Small Groups

Introverts will generally be more comfortable in small groups so utilising break out rooms even for ice-breakers are a great idea. Assigning a purposeful task rather than a random topic can focus the group. Brian Little, Professor and Author on personality and well-being says

We are like all of the people, we are like some of the people and we are like none of the people’.

A break out room task could be to find commonalities rather than differences as a basis to build meaningful relationships. The results can be captured on a tool such as padlet.

It can be fun

Even Introverts are not opposed to a bit of fun! Integrate an element of competition such as quizzes or as in the example above perhaps the room who have identified the most in common wins. Or a short light hearted video, relevant to the topic can also relax the mood to get the session going.

Keep it Simple

The tool ‘one word’ allows participants to share just one word about a topic which reduces the pressure to speak up for a longer period and makes it easier to process. It can also be contributed in the chat function too but helps everyone see what others are thinking.

Overall, your ice-breaker is there to build a sense of community and togetherness for the purpose of the training session. Ensuring that everyone is comfortable is integral to that. Keep it simple, concrete rather than abstract, purposeful and a balance between independent activity and interaction, is in my opinion is the key to successful ice-breakers.

The Business of Creating a Caring Culture

Peter Drucker, the management guru is famously to have said, ‘culture eats strategy for breakfast’, and yet the elusive matter of culture is so intangible it can be hard to describe, create and measure. If you’ve been house hunting you may have chosen your home based on a feeling. Culture within organisations is often very like this; a feeling.

Tony Humphreys in his book ‘Work and Worth’ says work culture is made up of ‘symbols, language, assumptions, traditions and behaviours’. He further adds that when such work cultures are not caring in nature ‘they can have profound affects on well-being’. I often quote Martin Seligman, one of the founders of Positive Psychology who suggests well-being should be our only goal.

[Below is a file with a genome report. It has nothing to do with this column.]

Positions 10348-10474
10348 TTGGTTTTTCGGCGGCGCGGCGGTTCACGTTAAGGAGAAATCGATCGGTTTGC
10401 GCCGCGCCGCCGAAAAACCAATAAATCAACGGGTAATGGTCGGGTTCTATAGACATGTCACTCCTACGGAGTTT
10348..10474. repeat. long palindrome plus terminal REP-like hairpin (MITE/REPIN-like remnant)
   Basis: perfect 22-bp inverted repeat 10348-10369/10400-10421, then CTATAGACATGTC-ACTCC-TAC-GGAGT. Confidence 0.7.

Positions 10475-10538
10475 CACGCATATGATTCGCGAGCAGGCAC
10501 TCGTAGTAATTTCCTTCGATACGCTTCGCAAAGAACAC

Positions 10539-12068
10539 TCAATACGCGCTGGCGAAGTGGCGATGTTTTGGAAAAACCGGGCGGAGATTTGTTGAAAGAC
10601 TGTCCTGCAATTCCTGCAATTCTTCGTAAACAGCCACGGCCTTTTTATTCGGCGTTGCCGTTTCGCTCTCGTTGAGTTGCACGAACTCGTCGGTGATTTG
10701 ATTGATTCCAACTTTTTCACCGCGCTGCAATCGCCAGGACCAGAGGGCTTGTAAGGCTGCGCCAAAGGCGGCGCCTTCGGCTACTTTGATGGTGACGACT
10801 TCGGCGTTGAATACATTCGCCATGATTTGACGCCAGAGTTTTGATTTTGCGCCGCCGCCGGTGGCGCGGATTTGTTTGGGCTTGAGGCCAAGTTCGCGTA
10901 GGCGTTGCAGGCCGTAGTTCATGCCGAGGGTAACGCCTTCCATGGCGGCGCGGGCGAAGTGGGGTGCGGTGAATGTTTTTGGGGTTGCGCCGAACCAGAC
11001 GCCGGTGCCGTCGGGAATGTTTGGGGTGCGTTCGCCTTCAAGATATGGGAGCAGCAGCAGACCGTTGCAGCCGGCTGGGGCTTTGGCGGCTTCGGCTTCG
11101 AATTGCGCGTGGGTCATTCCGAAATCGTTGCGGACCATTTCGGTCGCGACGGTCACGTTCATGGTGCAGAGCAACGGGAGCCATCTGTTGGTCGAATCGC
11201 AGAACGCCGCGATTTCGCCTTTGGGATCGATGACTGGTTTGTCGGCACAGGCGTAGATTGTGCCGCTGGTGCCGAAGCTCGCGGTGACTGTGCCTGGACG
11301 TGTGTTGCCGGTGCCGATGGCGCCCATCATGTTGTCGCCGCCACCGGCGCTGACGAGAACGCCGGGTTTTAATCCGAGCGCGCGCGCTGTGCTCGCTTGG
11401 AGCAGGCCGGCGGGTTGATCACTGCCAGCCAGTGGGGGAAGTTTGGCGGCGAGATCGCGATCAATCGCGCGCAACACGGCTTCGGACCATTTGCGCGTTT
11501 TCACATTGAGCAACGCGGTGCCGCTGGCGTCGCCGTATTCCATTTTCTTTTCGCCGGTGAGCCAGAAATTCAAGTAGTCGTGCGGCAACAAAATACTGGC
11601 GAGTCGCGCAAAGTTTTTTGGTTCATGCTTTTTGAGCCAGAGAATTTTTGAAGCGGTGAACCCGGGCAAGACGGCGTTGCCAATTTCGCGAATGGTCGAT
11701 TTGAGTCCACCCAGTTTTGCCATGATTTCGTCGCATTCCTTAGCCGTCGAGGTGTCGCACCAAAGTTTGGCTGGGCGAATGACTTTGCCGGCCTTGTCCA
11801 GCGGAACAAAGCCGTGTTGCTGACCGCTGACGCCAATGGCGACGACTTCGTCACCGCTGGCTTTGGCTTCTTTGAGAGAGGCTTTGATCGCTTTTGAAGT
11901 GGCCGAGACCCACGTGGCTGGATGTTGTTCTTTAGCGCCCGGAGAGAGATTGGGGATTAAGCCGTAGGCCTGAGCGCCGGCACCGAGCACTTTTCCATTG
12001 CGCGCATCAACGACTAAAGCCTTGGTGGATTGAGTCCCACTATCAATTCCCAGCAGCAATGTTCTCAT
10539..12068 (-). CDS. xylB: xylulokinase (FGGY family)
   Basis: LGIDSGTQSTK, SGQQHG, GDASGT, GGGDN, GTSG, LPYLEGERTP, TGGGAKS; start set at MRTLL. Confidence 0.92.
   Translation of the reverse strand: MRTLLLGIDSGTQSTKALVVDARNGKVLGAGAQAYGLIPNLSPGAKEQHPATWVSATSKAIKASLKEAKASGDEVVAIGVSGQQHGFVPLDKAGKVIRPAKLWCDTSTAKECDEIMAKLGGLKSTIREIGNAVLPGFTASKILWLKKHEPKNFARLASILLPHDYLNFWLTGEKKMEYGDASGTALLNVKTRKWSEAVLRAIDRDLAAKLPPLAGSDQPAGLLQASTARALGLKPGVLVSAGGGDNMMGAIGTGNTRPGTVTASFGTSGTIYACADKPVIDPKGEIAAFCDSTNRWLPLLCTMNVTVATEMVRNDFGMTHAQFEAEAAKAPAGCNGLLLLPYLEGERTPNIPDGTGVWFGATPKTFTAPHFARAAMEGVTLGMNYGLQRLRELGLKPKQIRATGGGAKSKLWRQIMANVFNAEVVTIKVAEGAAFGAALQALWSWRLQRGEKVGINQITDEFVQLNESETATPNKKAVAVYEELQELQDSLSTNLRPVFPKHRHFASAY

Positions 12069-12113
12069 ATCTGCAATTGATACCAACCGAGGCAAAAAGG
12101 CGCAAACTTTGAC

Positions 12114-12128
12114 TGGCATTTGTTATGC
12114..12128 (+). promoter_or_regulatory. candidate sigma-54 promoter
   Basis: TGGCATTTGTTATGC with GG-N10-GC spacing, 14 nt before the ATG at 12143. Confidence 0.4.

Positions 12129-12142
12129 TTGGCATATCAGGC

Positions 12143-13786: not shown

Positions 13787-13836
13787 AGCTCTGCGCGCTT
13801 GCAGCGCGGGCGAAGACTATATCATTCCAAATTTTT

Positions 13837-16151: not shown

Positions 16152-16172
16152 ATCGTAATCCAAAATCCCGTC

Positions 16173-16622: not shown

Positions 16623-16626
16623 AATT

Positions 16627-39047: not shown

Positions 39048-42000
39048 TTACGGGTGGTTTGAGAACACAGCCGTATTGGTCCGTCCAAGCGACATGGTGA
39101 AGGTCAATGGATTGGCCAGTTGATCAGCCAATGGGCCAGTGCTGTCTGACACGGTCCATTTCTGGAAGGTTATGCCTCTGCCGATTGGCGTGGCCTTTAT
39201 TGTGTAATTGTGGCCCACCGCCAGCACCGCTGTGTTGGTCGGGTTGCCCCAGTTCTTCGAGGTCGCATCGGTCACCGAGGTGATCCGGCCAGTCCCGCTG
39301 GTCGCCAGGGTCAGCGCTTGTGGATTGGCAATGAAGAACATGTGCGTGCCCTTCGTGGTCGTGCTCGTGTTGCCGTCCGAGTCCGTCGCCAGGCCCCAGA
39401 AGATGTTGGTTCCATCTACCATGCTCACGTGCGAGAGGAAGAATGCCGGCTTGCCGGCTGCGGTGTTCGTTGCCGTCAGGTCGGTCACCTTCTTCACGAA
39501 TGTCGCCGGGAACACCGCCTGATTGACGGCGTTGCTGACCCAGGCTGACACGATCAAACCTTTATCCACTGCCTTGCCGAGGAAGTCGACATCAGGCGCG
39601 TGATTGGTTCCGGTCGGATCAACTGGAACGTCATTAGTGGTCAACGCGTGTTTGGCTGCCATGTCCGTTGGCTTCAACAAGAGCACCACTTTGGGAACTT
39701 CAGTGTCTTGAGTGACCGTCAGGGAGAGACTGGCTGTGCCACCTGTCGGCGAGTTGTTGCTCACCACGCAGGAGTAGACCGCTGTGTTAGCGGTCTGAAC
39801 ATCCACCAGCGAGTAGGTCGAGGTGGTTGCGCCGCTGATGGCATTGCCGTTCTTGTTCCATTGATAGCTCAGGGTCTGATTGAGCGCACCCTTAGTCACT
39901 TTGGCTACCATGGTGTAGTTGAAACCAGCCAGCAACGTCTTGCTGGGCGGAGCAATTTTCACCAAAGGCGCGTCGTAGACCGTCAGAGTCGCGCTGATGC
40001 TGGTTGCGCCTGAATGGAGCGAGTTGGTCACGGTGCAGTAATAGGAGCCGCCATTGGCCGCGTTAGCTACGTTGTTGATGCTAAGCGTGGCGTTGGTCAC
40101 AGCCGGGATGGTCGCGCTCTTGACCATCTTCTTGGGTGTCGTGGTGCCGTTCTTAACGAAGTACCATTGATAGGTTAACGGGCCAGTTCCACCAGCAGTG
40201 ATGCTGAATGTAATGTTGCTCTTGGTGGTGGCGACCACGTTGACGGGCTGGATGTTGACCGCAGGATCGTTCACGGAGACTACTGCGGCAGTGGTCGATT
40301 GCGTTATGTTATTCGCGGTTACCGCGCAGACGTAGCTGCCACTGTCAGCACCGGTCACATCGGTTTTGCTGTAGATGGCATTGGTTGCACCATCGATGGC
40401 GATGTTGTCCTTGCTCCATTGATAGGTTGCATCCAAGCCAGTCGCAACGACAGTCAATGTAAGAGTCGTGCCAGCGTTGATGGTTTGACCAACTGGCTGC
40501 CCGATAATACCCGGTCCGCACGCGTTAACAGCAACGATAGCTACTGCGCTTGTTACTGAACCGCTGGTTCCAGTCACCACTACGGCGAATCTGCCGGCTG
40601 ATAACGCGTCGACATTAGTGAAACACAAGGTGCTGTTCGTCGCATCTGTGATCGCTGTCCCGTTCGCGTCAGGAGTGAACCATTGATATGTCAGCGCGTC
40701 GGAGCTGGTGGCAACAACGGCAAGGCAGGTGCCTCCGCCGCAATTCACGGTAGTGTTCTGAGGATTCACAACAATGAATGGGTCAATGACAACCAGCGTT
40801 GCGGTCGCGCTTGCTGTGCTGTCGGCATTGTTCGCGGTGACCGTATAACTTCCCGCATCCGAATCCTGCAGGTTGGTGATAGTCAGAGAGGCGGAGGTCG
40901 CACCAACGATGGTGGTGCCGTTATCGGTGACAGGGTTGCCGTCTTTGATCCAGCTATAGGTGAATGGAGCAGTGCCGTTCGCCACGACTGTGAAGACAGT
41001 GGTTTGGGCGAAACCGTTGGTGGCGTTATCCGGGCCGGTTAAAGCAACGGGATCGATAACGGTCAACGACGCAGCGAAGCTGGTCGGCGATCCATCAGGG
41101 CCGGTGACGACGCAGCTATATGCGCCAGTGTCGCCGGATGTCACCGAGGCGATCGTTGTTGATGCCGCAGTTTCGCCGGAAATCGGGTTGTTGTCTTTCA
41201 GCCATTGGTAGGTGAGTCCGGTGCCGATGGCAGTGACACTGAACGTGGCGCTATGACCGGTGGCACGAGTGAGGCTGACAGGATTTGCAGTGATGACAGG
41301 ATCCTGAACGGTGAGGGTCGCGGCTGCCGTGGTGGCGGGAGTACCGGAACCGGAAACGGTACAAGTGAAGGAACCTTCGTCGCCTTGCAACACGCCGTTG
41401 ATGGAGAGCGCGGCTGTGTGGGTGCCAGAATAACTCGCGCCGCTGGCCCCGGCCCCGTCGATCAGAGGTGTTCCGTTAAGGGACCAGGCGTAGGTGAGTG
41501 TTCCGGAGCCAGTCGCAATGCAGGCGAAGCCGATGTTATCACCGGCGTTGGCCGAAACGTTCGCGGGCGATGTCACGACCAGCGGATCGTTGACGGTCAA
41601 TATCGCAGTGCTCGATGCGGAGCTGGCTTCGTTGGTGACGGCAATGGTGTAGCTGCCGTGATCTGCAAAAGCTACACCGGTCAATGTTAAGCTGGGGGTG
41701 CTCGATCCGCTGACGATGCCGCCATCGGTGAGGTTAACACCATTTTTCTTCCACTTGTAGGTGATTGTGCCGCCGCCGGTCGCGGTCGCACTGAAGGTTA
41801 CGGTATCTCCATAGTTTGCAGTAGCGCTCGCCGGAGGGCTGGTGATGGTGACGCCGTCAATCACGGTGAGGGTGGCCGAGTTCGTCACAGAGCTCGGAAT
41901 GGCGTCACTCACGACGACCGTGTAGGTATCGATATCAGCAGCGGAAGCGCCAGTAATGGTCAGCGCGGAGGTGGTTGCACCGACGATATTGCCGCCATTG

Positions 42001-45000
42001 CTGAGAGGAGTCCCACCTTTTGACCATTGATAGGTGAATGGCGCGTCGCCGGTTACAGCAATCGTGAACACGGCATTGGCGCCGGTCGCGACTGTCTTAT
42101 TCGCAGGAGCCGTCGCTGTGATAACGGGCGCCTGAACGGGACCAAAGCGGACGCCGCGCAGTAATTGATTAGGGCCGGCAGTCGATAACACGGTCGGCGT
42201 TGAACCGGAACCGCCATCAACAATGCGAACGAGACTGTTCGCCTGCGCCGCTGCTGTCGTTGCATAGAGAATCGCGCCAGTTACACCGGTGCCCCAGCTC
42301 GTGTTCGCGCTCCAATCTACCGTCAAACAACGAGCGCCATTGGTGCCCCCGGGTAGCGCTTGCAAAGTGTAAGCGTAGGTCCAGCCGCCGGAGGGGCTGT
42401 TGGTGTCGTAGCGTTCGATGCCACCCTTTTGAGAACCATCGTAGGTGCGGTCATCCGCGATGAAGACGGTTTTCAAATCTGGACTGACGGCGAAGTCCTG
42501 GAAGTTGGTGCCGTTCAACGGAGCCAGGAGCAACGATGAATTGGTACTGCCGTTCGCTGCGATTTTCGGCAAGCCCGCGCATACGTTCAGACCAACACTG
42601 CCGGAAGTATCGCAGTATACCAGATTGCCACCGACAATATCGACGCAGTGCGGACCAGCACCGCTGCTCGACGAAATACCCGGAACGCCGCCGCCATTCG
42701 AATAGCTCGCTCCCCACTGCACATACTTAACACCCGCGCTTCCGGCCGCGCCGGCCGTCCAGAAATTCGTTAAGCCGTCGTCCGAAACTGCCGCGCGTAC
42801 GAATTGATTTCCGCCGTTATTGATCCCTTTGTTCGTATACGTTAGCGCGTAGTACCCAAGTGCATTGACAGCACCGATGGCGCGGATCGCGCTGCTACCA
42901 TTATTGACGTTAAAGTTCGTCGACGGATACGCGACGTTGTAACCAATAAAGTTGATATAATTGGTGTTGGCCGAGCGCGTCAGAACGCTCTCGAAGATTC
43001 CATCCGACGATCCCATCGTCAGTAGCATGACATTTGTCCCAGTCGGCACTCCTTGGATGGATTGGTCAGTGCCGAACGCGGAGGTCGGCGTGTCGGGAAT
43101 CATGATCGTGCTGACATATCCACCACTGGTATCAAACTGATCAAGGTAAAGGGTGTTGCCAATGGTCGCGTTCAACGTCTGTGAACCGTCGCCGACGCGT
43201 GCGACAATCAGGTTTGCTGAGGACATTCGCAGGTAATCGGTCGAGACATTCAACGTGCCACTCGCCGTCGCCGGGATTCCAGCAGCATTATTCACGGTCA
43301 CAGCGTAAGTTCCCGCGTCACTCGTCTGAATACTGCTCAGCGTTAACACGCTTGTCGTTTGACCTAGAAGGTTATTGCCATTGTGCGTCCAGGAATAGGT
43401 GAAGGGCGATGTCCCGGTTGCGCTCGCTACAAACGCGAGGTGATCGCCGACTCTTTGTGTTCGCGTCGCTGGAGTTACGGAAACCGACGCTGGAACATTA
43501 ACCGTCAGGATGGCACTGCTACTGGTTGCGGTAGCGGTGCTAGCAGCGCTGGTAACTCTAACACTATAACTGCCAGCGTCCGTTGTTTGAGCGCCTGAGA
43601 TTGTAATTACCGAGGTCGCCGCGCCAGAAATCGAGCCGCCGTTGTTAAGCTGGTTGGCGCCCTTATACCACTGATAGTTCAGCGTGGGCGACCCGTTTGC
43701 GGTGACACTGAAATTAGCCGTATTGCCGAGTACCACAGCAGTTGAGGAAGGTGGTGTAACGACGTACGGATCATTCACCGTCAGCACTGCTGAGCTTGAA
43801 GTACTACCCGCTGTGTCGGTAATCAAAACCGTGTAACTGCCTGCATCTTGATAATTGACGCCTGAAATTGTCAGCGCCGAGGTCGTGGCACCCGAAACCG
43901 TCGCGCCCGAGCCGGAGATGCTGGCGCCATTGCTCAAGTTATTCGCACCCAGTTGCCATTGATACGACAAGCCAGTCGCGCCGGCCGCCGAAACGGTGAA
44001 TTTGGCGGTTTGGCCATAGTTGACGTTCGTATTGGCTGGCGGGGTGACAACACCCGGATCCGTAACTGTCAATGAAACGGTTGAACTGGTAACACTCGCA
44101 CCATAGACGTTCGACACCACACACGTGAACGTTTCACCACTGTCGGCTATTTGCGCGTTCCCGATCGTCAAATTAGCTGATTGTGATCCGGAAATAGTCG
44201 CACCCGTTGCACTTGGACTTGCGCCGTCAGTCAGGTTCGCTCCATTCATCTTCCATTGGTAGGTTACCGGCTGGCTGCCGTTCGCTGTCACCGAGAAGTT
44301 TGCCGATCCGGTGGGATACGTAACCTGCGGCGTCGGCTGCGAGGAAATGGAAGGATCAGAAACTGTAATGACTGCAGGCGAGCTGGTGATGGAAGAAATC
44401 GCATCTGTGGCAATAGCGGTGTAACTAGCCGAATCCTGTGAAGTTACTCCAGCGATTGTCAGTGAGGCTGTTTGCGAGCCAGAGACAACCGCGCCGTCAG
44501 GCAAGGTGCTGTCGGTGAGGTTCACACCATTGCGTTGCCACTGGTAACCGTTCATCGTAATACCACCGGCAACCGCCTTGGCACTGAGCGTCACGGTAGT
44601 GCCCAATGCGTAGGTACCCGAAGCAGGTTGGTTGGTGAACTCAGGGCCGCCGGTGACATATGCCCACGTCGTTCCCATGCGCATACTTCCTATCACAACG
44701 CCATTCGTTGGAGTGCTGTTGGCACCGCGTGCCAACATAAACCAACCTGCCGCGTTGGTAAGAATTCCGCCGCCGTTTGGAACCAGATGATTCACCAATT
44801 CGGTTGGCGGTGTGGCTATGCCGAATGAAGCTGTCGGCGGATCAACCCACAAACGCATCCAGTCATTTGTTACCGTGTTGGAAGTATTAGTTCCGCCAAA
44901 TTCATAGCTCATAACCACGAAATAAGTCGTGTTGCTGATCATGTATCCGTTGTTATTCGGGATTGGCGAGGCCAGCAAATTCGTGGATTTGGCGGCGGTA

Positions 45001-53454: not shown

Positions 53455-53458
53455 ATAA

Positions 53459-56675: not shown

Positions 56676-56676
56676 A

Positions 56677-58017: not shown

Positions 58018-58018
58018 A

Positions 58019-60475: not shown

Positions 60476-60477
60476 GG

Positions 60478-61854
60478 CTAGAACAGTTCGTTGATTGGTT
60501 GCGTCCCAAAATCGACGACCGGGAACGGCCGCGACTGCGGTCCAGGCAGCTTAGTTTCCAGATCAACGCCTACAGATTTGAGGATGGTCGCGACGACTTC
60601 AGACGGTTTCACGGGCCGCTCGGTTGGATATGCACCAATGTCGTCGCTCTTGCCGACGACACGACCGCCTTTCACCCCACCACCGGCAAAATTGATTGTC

While chatting with a neighbour this weekend who has two young children and returned back to work last October after maternity leave. I asked her if her organisation had made any amendments to her work schedule to allow her to care for her children while schools and childcare are shut. Her answer was no, in fact her workload has increased since the beginning of the month. Only 4 of her 20 person team have children and it’s not spoken about. Humphreys says there are very few examples of person-centred workplaces and the emphasis still seems to be on productivity.

Human Centered Approach

A tweet went viral last week which went something like this. A woman approached her boss and asked for her work hours to be reduced to 80%. Her boss refused. That was the headline that caused the tweet to go viral, but when you read on, the poster explained that he refused to reduce his employees pay to 80% but told her take the time she needs to support her family and to do her best in her job. By the way, this could also have been a man making this request but the reality is women take on most of the caring responsibilities in most families. This boss reflects a human centred approach to work.

When we focus entirely on productivity, we treat people like robots. Life is messy, it doesn’t go according to plan and certainly not in the middle of a pandemic. There will be ebbs and flows. There are hours, days, weeks and months over the course of my career when I am really productive and there are times when I am less so and that is life.

Humphreys suggests that many managers would consider the above approach as ‘soft’ and not befitting of leadership. Yet, research shows that happier workers are ‘not only more creative and productive but are supportive of each other and of management, and this especially shows itself in crisis’. This book was written well before the onset of Covid19 but how relevant it is.

I recently learned about Jim Sinegal, co-founder and former CEO of Costco the large warehouse style retailer in the US. His management style was described as benevolent. He would travel each year to every location to inspect them personally. He believed by treating your employees well, they in turn will serve customers well. For example, over 90% of Costco employees qualify for medical benefits as against the US average of 60%. This results in a very low level of turnover.